Prevalence is the proportion of individuals within a population who have experienced a phenomenon. It is typically expressed as a percentage. For example, in the first study of its kind, Russell found that 38% of women reported that they had experienced contact sexual abuse prior to the age of 18. Prevalence must be distinguished from incidence, which is the rate of individuals per thousand who have been exposed to some phenomenon over a given time period. In the violence literature, incidence is often expressed as the number of individuals per 1,000 exposed to a particular type of violence. For example, approximately two female children per 1,000 experience sexual abuse each year.
Prevalence is the better figure for defining the scope of a particular problem (e.g., underage drinking), whereas incidence is better for understanding the impact of a problem during a given time period. The best estimates of prevalence often come from methodologically rigorous national prevalence studies of the given problem. These studies often construct a prevalence estimate from the individuals’ lifetime exposure to the problem.
Issues With Prevalence
Although prevalence can provide an approximation of the scope of a problem, it has limitations based upon the rigor of the studies gathering the information. An issue of great concern is the number and types of screen questions used to assess for the type of violence. Especially with sexual violence against females, behaviorally specific questions are better at soliciting disclosures. More numerous questions also tend to be better at soliciting disclosures. There are mixed findings regarding the type of survey that elicits better disclosures, although it is generally assumed that multiple responding formats are better (e.g., faceto-face and self-administered questionnaire).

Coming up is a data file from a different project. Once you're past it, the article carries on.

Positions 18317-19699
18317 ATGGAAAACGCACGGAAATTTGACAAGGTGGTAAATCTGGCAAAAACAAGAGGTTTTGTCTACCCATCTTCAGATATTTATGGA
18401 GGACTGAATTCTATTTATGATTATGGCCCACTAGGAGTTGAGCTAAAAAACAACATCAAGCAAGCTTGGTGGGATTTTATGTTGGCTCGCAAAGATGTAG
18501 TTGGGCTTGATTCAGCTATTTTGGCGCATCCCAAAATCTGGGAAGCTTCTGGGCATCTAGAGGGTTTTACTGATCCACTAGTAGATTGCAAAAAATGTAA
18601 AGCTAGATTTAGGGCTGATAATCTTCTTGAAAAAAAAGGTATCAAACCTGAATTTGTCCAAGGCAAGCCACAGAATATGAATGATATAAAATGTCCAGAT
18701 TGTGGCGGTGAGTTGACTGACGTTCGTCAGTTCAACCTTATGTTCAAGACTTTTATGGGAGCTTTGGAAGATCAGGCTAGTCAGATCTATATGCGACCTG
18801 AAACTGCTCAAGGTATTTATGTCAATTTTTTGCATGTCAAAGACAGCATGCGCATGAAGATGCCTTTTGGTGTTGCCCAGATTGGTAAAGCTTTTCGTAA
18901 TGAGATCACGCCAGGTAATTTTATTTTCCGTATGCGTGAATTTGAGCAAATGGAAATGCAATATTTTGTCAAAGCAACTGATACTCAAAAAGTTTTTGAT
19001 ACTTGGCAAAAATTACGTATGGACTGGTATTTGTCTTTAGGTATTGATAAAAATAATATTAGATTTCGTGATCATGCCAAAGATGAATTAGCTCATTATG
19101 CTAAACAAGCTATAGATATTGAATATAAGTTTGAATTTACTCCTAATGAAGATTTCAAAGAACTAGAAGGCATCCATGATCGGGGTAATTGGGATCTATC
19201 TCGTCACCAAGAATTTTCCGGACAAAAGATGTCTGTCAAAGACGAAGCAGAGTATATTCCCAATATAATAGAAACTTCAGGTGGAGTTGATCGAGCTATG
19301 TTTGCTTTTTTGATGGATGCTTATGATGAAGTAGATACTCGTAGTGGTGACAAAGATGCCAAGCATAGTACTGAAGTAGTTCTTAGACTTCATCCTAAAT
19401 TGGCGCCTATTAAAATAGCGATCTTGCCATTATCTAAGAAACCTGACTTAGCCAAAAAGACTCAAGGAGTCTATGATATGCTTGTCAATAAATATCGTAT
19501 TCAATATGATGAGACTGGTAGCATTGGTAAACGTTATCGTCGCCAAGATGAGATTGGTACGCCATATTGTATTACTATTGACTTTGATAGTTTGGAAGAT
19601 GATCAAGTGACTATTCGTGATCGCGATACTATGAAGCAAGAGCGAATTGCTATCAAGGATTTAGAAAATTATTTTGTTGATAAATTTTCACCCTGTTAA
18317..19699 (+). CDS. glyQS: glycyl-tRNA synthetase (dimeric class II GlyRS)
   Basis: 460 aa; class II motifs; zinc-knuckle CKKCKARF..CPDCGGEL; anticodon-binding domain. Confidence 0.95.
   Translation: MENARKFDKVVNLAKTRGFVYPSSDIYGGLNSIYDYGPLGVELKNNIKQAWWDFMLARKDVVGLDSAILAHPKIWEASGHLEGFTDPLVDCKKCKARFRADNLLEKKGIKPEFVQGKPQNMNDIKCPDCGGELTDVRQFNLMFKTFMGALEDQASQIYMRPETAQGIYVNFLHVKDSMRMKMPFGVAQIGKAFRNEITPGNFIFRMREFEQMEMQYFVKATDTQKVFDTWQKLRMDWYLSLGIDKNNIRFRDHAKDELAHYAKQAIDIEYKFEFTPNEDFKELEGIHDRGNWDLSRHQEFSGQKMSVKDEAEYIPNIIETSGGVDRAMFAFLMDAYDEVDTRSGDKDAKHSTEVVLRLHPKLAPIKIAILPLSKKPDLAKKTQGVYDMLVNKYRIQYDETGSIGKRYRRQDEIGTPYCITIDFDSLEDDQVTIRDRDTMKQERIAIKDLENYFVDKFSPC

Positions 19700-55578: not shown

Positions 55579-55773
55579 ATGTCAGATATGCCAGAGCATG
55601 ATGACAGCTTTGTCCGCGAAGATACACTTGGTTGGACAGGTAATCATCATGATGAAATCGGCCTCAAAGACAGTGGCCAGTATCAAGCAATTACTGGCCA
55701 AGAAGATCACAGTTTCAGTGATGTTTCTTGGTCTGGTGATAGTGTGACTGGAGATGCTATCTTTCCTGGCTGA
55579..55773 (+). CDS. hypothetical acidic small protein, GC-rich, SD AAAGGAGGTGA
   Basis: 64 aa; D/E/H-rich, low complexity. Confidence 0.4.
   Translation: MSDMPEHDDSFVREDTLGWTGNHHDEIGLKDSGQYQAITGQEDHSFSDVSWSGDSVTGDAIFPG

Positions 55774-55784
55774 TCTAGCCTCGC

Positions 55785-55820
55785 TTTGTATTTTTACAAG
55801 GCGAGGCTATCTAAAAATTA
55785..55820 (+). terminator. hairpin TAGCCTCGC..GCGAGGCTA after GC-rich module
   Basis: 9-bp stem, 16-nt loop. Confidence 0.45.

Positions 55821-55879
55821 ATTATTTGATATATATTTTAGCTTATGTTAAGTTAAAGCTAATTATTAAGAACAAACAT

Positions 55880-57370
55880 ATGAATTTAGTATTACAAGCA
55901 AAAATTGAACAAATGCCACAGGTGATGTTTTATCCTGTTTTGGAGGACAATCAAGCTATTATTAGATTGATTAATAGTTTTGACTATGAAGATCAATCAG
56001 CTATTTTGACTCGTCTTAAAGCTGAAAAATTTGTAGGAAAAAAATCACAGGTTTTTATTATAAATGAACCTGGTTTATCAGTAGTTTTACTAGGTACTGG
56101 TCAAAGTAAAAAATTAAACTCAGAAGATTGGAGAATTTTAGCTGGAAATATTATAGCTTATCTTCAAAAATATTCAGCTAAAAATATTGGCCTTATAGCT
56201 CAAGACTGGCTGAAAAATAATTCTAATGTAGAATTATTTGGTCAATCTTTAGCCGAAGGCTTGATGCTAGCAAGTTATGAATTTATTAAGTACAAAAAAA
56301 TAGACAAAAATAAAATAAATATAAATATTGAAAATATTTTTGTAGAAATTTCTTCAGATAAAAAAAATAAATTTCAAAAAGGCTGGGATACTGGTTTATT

Another issue of concern in prevalence studies is the accuracy of retrospective recall when adults are asked to report whether they experienced specific violence in childhood. Although findings are mixed, the issue of underreporting appears to be of much greater concern than the issue of over reporting. For example, Williams found that adults with known histories of childhood sexual abuse did not always recount the known history of abuse to researchers, even though they sometimes recalled other incidents of abuse. Although much research remains to be done in this area, researchers tentatively conclude that retrospective prevalence studies provide relatively valid estimates of a problem, although they may underestimate that problem somewhat if the violence is recalled retrospectively.
- Russell, D. E. H. (1983). The incidence and prevalence of intrafamilial and extrafamilial sexual abuse of female children. Child Abuse ; Neglect, 7, 133–146.
- Russell, D. E. H., ; Bolen, R. M. (2000). The epidemic of rape and child sexual abuse in the United States. Thousand Oaks, CA: Sage.
- Williams, L. M. (1994). Recall of childhood trauma: A prospective study of women’s memories of child sexual abuse. Journal of Consulting and Clinical Psychology, 62, 1167–1176.